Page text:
Founded on Easter Sunday, March 31, 1782, San Buenaventura Mission is the ninth and last mission consecrated by Saint Junipero Serra. Named in honor of Saint Bonaventure (1221-1274: Cardinal and Doctor of the Church), it is known as the "Mission by the Sea".
The Old Mission welcomes visitors from sunrise until sunset. Known for its beautiful gardens and faithfully restored artifacts the mission is a always an experience to visit. Tours available daily.
As the Advent season opens before us, the Lord Jesus summons us to stand ready for his coming. At this time of the year much of our attention is focused on being prepared for the details that accompany the holiday season. We purchase gifts; we decorate our homes, inside and out; we prepare foods that we eat only during the holidays; we write and send Christmas cards; we attend holiday concerts; we prepare either to welcome family and friends into our homes or arrange for visits to their homes. We really can’t escape the details that make up the season. Perhaps this Advent is a time to attend to all those details with a different spin…no politics here. As we prepare to celebrate the feast of Christmas, why not be deliberate about acknowledging the presence of the Lord as we go about these tasks? The Lord often comes to us in wonderfully surprising ways. Let us be prepared.
You are cordially invited to join us for our liturgies. We celebrate Mass daily at 7:30 AM (8:15 AM on Tuesday during the school year). We have six Masses every weekend. Since the Lord's Day begins at sunset, we celebrate the Saturday Vigil at 5:30pm in English and 7:30pm in Spanish in the Old Mission Church. We celebrate three Sunday Masses in English at 7:30am, 9am and 12:15pm. We have a hugely attended Mass in Spanish at 10:30am in O'Brien Hall, the three story building behind the Mission church.
At the Mission, we often sing a hymn that reminds us of the presence of the Lord among us. One verse goes like this:
We are gathered at table as one in the Lord.
We are gathered as people who are living the Word.
Our hearts and our spirits are nurtured by grace.
It is Jesus who fills us. He is here in this place.
Join us, won't you?
To help sustain the legacy of our historic Mission: please remember Mission San Buenaventura in your Will or Trust planning.
"Siempre Adelante: United in the love of God as a Mission Family." Shalom, Fr. Tom Elewaut, Pastor.
Mission San Buenaventura will celebrate the Feast of Our Lady of Guadalupe on Monday, December 12, 2016:
5:00 AM: "Las Mañanitas" at 5:00 AM in O'Brien Hall featuring Mariachi Aguilas de Mexico. Mass in Spanish will begin at 5:30 AM in Spanish. The Guadalupana Society invites all in attendance for a delicious menudo breakfast in the Parish Center Auditorium.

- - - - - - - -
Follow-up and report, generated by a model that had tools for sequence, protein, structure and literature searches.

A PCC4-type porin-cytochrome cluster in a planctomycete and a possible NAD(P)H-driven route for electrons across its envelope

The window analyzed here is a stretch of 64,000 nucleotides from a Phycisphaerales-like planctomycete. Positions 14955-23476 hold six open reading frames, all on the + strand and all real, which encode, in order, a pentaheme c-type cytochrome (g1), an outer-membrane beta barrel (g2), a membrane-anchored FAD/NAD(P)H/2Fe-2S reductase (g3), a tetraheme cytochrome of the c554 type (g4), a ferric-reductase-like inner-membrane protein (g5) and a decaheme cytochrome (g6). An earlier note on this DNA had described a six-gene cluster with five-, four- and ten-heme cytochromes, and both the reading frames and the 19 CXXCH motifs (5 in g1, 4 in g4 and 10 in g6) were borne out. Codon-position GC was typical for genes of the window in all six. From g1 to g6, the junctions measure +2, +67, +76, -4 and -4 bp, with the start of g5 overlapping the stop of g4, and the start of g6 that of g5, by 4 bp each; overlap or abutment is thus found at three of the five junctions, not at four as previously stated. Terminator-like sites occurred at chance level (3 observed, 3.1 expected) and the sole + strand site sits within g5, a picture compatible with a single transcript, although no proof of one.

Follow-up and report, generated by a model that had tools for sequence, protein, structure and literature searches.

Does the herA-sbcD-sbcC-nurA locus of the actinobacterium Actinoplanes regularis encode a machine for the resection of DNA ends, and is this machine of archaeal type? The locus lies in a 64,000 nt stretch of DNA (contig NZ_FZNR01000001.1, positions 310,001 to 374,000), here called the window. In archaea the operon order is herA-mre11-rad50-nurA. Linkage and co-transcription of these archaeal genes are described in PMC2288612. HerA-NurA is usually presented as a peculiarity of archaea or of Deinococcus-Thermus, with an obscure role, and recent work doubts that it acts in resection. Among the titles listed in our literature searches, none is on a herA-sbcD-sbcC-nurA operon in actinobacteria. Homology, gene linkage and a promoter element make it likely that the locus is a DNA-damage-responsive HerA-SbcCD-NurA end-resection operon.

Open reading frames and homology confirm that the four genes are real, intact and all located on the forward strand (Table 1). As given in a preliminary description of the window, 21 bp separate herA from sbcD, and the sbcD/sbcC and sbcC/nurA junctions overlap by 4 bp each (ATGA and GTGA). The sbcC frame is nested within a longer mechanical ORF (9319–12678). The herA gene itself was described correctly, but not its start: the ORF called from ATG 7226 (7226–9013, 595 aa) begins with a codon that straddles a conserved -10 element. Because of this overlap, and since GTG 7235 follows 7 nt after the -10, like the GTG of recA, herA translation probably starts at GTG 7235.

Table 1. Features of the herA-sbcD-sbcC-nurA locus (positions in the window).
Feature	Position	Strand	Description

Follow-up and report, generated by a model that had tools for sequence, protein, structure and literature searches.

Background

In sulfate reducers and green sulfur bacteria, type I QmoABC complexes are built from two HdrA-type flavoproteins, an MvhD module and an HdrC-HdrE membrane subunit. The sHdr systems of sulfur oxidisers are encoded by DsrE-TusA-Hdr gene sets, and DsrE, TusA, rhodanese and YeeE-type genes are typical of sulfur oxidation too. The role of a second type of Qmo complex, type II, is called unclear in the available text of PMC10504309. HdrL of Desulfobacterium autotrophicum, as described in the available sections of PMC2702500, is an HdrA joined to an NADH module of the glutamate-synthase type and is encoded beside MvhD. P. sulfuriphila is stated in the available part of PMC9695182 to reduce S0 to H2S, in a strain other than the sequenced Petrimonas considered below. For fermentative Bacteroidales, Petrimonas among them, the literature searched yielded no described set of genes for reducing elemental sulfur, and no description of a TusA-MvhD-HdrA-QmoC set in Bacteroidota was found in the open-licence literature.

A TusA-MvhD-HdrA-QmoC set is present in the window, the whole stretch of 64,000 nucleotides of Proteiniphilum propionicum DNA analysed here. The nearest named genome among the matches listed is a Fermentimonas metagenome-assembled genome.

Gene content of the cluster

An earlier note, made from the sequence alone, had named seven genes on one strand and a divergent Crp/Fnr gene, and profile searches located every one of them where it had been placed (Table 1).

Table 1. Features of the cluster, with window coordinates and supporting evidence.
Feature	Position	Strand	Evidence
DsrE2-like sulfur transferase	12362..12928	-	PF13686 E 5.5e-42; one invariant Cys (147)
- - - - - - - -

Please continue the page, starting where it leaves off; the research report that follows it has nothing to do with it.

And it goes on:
6:00 PM: Danza México Cuauhtémoc will dance in Mission Church followed by a solemn procession down Main Street from Figueroa Plaza to Palm Street and up Palm Street to Junipero Serra Way to O'Brien Hall where Mass will be celebrated with a reenactment of the apparitions of Our Lady of Guadalupe by the Mission Parish Youth Group. After Mass the Guadalupana Society will serve chocolate and pan dulce.
Our Lady of Guadalupe (Nestra Señora de Guadalupe is a title of the Virgin Mary associated with a celebrated pictorial image housed in the Basilica of Our Lady of Guadalupe in México City. Catholic accounts state that on the morning of December 9, 1531 Juan Diego saw an apparition of a young girl at the Hill of Tepeyac, near Mexico City. Speaking to him in Nahuatl, the girl asked that a church be built at that site in her honor; from her words, Juan Diego recognized the girl as the Virgin Mary.
Diego told his story to the Spanish Archbishop of Mexico City, Fray Juan de Zumárraga, who instructed him to return to Tepeyac Hill, and ask the "lady" for a miraculous sign to prove her identity. The first sign was the Virgin healing Juan's uncle. The Virgin told Juan Diego to gather flowers from the top of Tepeyac Hill. Although December was very late in the growing season for flowers to bloom, Juan Diego found Castilian roses, not native to Mexico, on the normally barren hilltop. The Virgin arranged these in his peasant cloak or tilma. When Juan Diego opened his cloak before Bishop Zumárraga on December 12, the flowers fell to the floor, and on the fabric was the image of the Virgin of Guadalupe.
The tilma of Juan Diego (who was canonized in 2002) is displayed in the Basilica of Our Lady of Guadalupe, the most visited Marian shrine in the world. The representation of the Virgin on the tilma is Mexico's most popular religious and cultural image, and under this title the Virgin has been acclaimed as "Queen of Mexico", "Patroness of the Americas", "Empress of Latin America", and "Protectress of Unborn Children" (the latter three given by Pope John Paul II in 1999). Under this title, she was also proclaimed "Heavenly Patroness of the Philippines" in 1935, a designation revised by Pope Pius XII in 1942.
Many of California's 21 missions still function as houses of worship.
Jay JonesChicago Tribune
On the winter solstice, as the sun rises in the dip between two hills, the amazing accomplishment of some 18th-century priests becomes crystal clear. Through an open window at Mission San Juan Bautista, a brilliant beam of light enters, bathing the altar in gold before traveling directly up the center aisle, gilding the 200-year-old, rust-colored tiles.